As data repositories strive to meet the FAIR data principles and to solve the reproducibility crisis in science, it is essential to implement a comprehensive solution for data citation with persistent identifiers. Despite this imperative need, data citation is a fairly new effort in the research community that requires technical and cultural change. Fortunately, funders and journal publishers are now recognizing datasets as first class research outputs, accelerating the demand for data citations.

To address this challenge, Ocean Networks Canada (ONC) has undertaken an enormous effort to allocate Digital Object Identifiers (DOIs) to our dynamic datasets. Often DOIs are assigned to research objects after work is complete, when the object is static and unlikely to change. However, ONC provides access to near real-time data, such that citation capabilities are needed before the end of an instrument deployment and data is still accumulating. Moreover, datasets are versioned as needed for corrections and enhancements. Assigning DOIs for dynamic data has several challenges.

This session will describe the technical implementation of DOIs for the substantial dataset collection in ONC’s Oceans 3.0 digital infrastructure, as well as how we are approaching educational and cultural changes. While we leveraged the Research Data Alliance Data Citation Working Group recommendations to guide our efforts, there were few examples to emulate since we were early adopters; thus, we aim to share the insights we gained through our decision-making and implementation.

We will introduce the concept of data citation, including persistent identifiers (PIDs) and the benefits to all stakeholders. We will then provide a detailed overview of the Oceans 3.0 implementation, including approaches for dataset metadata, granularity, and versioning, and access to citation information within tools and data products.


Chantel Ridsdale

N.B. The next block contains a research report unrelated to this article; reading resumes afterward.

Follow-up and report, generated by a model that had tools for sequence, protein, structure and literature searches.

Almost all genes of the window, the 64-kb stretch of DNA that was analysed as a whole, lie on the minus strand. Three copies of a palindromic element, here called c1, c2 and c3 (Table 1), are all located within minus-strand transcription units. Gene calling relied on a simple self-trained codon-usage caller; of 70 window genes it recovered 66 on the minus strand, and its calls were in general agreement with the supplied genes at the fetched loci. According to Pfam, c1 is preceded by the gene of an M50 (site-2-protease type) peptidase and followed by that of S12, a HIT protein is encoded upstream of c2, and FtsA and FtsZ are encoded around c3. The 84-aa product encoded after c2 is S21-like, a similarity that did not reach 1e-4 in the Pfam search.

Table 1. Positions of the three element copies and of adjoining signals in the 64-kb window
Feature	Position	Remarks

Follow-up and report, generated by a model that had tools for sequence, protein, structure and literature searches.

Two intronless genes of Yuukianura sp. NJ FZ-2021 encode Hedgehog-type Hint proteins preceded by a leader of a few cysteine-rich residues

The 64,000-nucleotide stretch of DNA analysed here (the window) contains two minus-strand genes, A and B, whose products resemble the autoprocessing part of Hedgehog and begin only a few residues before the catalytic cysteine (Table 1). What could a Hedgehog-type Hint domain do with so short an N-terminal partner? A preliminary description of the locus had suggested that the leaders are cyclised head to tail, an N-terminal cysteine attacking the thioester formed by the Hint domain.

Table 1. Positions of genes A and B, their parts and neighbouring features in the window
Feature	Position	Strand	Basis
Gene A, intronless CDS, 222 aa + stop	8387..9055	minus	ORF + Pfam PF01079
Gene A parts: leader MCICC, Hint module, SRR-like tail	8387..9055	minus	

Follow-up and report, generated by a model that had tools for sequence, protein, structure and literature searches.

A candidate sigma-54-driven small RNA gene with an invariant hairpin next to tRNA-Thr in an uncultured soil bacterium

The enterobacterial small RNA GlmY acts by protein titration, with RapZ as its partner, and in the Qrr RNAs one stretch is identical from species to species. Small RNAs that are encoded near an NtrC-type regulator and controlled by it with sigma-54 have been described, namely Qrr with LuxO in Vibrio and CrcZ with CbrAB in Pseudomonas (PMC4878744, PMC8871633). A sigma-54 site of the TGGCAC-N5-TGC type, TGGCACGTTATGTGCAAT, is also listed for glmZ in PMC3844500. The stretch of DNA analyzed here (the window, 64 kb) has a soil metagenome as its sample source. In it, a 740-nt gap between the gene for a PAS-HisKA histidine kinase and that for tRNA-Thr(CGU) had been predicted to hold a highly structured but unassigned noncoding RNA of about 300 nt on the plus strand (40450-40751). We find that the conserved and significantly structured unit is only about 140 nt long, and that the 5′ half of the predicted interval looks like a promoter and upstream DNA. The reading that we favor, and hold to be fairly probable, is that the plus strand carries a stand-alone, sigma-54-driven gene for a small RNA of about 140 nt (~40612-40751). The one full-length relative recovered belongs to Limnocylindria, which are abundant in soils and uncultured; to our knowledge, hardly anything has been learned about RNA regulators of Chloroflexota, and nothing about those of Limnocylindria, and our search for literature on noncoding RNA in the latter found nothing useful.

Data Steward | Ocean Networks Canada

I graduated from Dalhousie University's Masters of Library and Information Studies (MLIS) program in 2016, focusing my career on data management best practices. I sincerely believe that if we do not have a strong foundational organization of data, society's derived information and knowledge are suspect at best, which can mislead society going forward. Additionally, I'm a strong believer that data funded by the public should be FAIR, and limit the chances of duplicating efforts. Working at Ocean Networks Canada has offered me the opportunity to help develop dynamic data citations guidelines and infrastructure for this organization, with their enormous near real-time data collection, for which I've learned a lot.

Stephanie Golob
Data Steward | Ocean Networks Canada

After earning a B.Sc. in Biological Sciences from the University of Windsor in 2012, Stephanie pursued a M.Sc. in Marine Biodiversity and Conservation from Ghent University in 2014. Working for several years in the United Kingdom after graduation, she developed a deep understanding of the complexity of marine ecosystems and the challenges facing conservation efforts. In the summer of 2022, she completed a Data Science Diploma from BrainStation, which led her to join Ocean Networks Canada (ONC) in November of the same year. Utilizing her expertise in biological systems and data science, she has been involved in the curation and ingestion of metadata and data from ONC, as well as collaborating with the Research Data Management team to establish best practices.